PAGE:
Oct 3, 2017 | By Benedict

Safran Helicopter Engines has launched Aneto, a new family of high-power engines. The Aneto-1K, which is being used in aerospace company Leonardo’s AW189K helicopter, has 3D printed components in its combustion chamber, as well as 3D printed inlet guide vanes.

We see a lot of aerospace news in the 3D printing world, but the large bulk of it is, unsurprisingly, to do with airplanes and their various components. Not so today, because Safran Helicopter Engines has announced the launch of a new high-power helicopter engine family containing 3D printed components.

Designed for the super-medium and heavy helicopter market, Safran’s new engines incorporate what the company calls “ground-breaking technologies,” with the Aneto family set to feature several models spanning the 2500 to 3000+ shaft horsepower (shp) range.

“Aneto" is also the name of the highest mountain in the Pyrenees, a magnificent protrusion that reaches a height of 3,404 meters. This follows the Safran tradition of naming its engines after areas of the Pyrenees mountains, which overlook the company’s Bordes headquarters. Safran says the new engine name “symbolizes new levels of power and performance we are now able to reach.”

The partially 3D printed Aneto engines were unveiled at Helitech International, an international helicopter exhibition in London.

“Launching the Aneto engine family here in Helitech marks a major milestone for Safran Helicopter Engines,” commented Bruno Even, President of Safran Helicopter Engines. “It is the result of a long and sustained strategy of technology acquisition and maturation.”

The Aneto-1K, Safran’s first 2,500 shp model, has been implemented into aerospace and defense company Leonardo’s twin-engine AW189K helicopter, which currently uses a GE Aviation CT7 powerplant, rated at 1,980 shp at take-off.

The Aneto-1K was first tested on the Leonardo AW189K back in March, and the engine is set to enter service (on the AW189K and other vehicles) in the final quarter of 2018. Leonardo will, however, continue to use the GE engine as well.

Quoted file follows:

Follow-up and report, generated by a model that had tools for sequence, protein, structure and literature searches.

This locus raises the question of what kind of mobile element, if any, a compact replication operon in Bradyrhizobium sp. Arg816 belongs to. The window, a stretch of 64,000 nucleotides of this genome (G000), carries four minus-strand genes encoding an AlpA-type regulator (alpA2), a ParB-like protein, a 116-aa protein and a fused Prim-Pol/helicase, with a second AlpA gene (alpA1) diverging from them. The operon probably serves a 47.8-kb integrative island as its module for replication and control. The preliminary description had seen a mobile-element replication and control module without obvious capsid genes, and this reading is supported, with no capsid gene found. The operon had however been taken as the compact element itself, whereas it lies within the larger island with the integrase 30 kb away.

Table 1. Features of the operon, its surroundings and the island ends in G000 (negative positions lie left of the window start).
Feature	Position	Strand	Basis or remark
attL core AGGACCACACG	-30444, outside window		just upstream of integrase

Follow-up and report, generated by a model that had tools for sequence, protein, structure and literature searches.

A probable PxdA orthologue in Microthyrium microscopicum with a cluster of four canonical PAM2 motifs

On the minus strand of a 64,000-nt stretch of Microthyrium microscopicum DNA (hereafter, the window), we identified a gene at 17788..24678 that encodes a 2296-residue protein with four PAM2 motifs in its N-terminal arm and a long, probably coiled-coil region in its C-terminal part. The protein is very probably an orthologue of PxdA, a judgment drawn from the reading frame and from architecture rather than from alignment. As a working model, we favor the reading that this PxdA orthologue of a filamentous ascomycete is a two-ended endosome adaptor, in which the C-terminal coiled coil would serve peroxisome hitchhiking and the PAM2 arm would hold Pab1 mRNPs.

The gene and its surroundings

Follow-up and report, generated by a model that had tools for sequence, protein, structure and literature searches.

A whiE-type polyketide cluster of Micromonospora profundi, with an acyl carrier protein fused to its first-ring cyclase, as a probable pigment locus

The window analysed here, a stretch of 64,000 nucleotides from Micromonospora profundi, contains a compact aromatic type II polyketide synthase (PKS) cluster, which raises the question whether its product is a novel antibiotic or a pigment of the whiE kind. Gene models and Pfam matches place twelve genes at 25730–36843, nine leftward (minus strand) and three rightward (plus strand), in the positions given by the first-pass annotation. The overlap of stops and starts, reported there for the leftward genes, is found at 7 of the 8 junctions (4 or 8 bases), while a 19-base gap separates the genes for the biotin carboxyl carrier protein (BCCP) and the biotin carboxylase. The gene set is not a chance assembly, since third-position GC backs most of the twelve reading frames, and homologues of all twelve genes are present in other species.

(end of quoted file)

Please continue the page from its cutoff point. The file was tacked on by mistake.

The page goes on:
“This new turboshaft engine will offer our customers a high level of performance and further extend the capabilities and versatility of our super medium platform, particularly in hot and high conditions,” said Gian Piero Cutillo, Managing Director at Leonardo Helicopters. “Operators will also benefit from Safran's longstanding experience in the helicopter market as well as from its strong worldwide support network.”

The Aneto engines will contain a four-stage compressor, a new combustion chamber made up of 3D printed parts, and 3D printed inlet guide vanes—features that will result in impoved performance and fewer expenses.

“We are convinced that Aneto will offer a new level of performance coupled with reduced operating costs,” Even said.

Safran says that, thanks to an “exceptional” power-to-volume ratio, the new Aneto engines will offer 25 per cent more power when compared to existing engines of same volume. This will provide increased capabilities, especially for offshore, search and rescue, fire-fighting, or military transport missions.

An important part of the Aneto family is the Tech 3000 technological demonstrator, which enables Safran to validate designs and technologies that are capable of delivering “up to 15 per cent better fuel economy” compared to competitors’ models.

Technologies tested on the Tech 3000 will gradually be introduced to Aneto engines over time, depending on factors like power requirements and entry-into-service timeframes.

Safran also says that its new Aneto engines require less maintenance, with fewer scheduled maintenance tasks and longer maintenance intervals. A health monitoring system will allow engineers to keep an eye on an engine’s status, while Safran has also developed an online engine maintenance management service called “BOOST” that can be used to keep tabs on any live engines.

While the Aneto engines are primarily designed for next-generation rotorcraft in the 8-15t-class range, they can also replace older engines in existing helicopters.

 

 

Posted in 3D Printing Application

 

 

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